If you’re planning on becoming a physician, you need to buckle up for the long haul. It takes about eight years of college plus another three to seven in a residency or internship program to finally start practicing on your own. Since you’ll be in school for a while, researching the projected physician job outlook to assess the future need for doctors is important.
Below is a look at the anticipated job market for physicians and ways you can handle the student loan debt that comes with the job.
Physician job outlook
Physicians are well paid and rank seventh among the list of best-paid jobs, according to U.S. News & World Report. Physicians also made the top 10 of “100 Best Jobs.” You can expect a six-figure salary and the prestige that comes with saving lives. Even better, the demand for physicians is growing.
The Bureau of Labor Statistics (BLS) projects that the need for physicians will grow 7% between 2018 and 2028. There are various fields of practice for physicians. In that way, the demand can shift a bit based on what area you want to study.
As of Sept. 17, 2019, the highest projected demand for physicians is in psychiatry with a 16% projected growth. Second on the list are family and general practitioners with a 10% projected growth. The surgeon job outlook is looking bleak with a demand of only 1%. Anything over 5% is considered faster than the average for all occupations by the BLS.
|BLS Projected Growth |
|Family and |
|Obstetrics and |
|Physicians and |
According to the most recent data from the Association of American Medical Colleges (AAMC), we could need even more doctors than the BLS predicts. The AAMC does an annual study that evaluates the supply and demand projections for physicians. In its 2019 study, the key findings pertaining to physicians’ job outlook are positive for future doctors but frightening for those needing medical care.
- There will be a projected shortage of 122,000 physicians by 2032.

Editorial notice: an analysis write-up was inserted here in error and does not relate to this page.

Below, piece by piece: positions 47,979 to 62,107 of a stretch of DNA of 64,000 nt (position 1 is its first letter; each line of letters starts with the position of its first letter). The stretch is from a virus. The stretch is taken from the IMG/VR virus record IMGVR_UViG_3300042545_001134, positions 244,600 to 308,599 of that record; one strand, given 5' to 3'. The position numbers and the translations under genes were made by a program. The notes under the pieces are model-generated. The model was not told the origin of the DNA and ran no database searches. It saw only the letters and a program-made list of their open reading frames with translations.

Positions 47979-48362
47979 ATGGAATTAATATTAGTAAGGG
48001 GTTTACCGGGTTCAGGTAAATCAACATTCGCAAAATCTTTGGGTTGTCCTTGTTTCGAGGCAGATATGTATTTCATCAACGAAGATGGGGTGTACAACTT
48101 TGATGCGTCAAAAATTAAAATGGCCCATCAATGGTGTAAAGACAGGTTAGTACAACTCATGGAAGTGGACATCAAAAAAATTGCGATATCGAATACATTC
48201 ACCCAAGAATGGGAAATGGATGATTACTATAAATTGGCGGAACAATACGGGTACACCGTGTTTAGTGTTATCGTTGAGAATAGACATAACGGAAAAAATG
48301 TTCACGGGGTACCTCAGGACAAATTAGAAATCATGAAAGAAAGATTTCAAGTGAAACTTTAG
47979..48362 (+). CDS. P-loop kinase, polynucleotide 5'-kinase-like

- The U.S. would need 95,900 physicians immediately to equalize health care across race, insurance coverage and geographic location. This number isn’t factored into the above demand.
- Rural areas and those already experiencing a shortage will feel this shortage even more.
In a nutshell, the U.S. will face a major physician shortage, especially in areas of primary care.
Where’s the demand for physicians coming from?
The physician job outlook projects such a high demand for two main reasons:
- The U.S. population is growing, as it always does. The U.S. Census Bureau states that population growth averages 1.8 million per year. However, it’s projected to rise by an average of 2.3 million people per year between 2017 and 2030. This bump in population correlates to an increase in the need for family care physicians.
- The U.S. population is also aging. Yes, as it always does — but there’s a flip in the charts in the coming years. The U.S. Census Bureau says that by 2035, the number of people over age 65 will outnumber children under the age of 18. With this many people reaching their rocking-chair years, the need for medical care will be real.
One more consideration is that physicians make up a portion of the population that’s aging. They’ll be hitting retirement years, creating openings for jobs. There will be a demand, but you might have to fight to get your spot.
Med school enrollment is high, but residency slots are limited
The limit in the number of residency slots has to do with funding. Medicare, Medicaid, the Department of Veterans Affairs, the Department of Defense, and other governmental agencies all subsidize residencies. And there are caps placed on the residency slots due to limited funding.
Healthy competition isn’t normally a bad thing. Yet the amount of medical graduates is increasing, and the number of residency slots being added is moving at a snail’s pace of 1% per year. The AAMC reports that medical school enrollment has increased by 31% since 2002. In the 2018 Survey of Medical School Enrollment Plans, 75% of surveyed deans were concerned about residency slots nationally. A limited number of residency slots and an increasing medical school enrollment should be something you keep in mind when looking to become a physician.
The demand for physicians is high, and supply is limited. This means if you can snag a spot in a residency program, you’ll be almost guaranteed a job. Job markets where there’s not enough supply but high demand can throw a wrench in work-life balance. You want to be able to thrive in your new career, so it’s important to look at this side, too.